Just barely afloat: the new approach to stock market listings

Tomorrow's Business

A genuine question for flaks – we’ll print the best replies, anonymously of course: have the rules changed on flotations? From here, they certainly seem to have.

In the old days the clear best practice was to make sure some upside was left on the table for new investors on the day of the float.

Not too much, lest anyone said the company had been undervalued by its advisers, but enough that everyone felt good.

Lately, this seems to have gone completely out the window. The strategy from banks and PRs seems to have been to get floats away at the highest price possible and then when the inevitable occurs, to laugh it off.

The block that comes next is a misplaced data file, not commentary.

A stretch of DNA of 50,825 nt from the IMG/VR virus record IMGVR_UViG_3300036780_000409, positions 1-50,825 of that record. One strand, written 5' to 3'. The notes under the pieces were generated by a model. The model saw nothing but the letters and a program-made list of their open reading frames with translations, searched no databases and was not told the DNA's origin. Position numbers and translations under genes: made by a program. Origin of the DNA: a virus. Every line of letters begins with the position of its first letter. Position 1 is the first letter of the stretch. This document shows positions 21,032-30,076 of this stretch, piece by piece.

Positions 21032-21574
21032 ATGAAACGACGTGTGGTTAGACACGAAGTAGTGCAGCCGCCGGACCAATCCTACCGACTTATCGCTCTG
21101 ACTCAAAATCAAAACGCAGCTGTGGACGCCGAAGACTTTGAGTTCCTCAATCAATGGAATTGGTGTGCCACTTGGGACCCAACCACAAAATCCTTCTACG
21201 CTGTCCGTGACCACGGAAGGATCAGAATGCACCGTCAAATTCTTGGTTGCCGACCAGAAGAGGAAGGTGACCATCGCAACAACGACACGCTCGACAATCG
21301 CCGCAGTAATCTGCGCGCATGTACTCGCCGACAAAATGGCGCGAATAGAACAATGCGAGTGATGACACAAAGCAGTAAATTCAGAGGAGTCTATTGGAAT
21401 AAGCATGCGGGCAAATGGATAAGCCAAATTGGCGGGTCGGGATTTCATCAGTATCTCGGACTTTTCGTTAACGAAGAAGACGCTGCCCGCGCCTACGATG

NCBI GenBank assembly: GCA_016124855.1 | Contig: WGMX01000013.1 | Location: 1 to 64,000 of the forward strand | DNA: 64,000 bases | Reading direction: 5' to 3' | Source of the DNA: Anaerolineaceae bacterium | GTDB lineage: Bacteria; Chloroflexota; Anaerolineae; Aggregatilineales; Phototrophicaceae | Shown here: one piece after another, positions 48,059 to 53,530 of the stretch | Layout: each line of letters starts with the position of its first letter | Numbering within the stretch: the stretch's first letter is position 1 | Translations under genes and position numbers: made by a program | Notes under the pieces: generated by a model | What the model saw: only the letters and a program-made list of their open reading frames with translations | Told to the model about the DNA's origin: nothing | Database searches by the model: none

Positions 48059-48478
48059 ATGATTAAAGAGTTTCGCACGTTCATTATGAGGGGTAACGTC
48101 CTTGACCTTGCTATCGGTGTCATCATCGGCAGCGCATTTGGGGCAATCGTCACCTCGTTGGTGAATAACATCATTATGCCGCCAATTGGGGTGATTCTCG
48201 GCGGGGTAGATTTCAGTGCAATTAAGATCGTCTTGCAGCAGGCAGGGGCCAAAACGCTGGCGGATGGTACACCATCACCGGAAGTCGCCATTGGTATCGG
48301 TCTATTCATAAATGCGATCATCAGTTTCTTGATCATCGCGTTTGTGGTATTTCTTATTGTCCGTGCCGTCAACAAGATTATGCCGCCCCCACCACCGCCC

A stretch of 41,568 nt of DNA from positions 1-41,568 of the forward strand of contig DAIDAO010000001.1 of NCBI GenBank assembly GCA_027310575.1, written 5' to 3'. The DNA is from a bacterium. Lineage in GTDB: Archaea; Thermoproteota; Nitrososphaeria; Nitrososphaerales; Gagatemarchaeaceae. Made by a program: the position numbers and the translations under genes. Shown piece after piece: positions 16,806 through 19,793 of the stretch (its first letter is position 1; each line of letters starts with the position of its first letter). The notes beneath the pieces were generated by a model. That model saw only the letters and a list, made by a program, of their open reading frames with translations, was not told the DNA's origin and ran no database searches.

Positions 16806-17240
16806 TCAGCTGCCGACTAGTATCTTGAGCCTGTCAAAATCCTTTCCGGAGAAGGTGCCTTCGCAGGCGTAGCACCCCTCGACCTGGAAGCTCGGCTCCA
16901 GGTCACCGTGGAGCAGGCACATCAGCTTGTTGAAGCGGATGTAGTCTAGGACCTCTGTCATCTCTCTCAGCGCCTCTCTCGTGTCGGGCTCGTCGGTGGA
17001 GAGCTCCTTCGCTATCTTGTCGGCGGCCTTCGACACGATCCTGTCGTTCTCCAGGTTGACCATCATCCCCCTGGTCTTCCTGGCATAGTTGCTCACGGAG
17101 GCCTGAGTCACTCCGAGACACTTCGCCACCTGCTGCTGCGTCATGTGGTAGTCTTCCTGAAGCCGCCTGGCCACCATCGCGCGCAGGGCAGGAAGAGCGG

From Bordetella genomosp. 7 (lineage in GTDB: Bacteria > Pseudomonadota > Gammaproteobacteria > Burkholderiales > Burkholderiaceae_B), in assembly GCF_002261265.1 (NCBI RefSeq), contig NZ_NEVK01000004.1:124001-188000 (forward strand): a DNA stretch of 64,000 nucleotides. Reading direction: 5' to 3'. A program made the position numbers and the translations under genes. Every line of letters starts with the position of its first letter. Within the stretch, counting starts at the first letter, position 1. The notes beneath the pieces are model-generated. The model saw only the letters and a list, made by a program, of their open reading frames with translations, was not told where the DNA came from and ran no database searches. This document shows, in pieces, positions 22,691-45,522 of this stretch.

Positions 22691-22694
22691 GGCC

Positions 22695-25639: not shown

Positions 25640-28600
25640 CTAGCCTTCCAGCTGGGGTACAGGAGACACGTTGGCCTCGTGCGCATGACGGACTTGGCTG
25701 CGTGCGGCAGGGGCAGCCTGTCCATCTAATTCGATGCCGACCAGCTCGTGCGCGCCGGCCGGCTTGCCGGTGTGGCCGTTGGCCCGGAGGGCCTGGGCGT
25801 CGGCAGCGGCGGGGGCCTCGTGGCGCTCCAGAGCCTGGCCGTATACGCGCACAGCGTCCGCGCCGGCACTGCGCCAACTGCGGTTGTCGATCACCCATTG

So what if the stock is tanking, the CEO is embarrassed and everything we said last week now looks questionable. We got the money, didn’t we?

Now, you can say that market conditions decide the float price all you like. But those market sentiments are at least partly set by the flaks and bankers on the deal.

It definitely feels like you are willing to sacrifice long term credibility for a few extra quid on day one.

Tell me I’m wrong….



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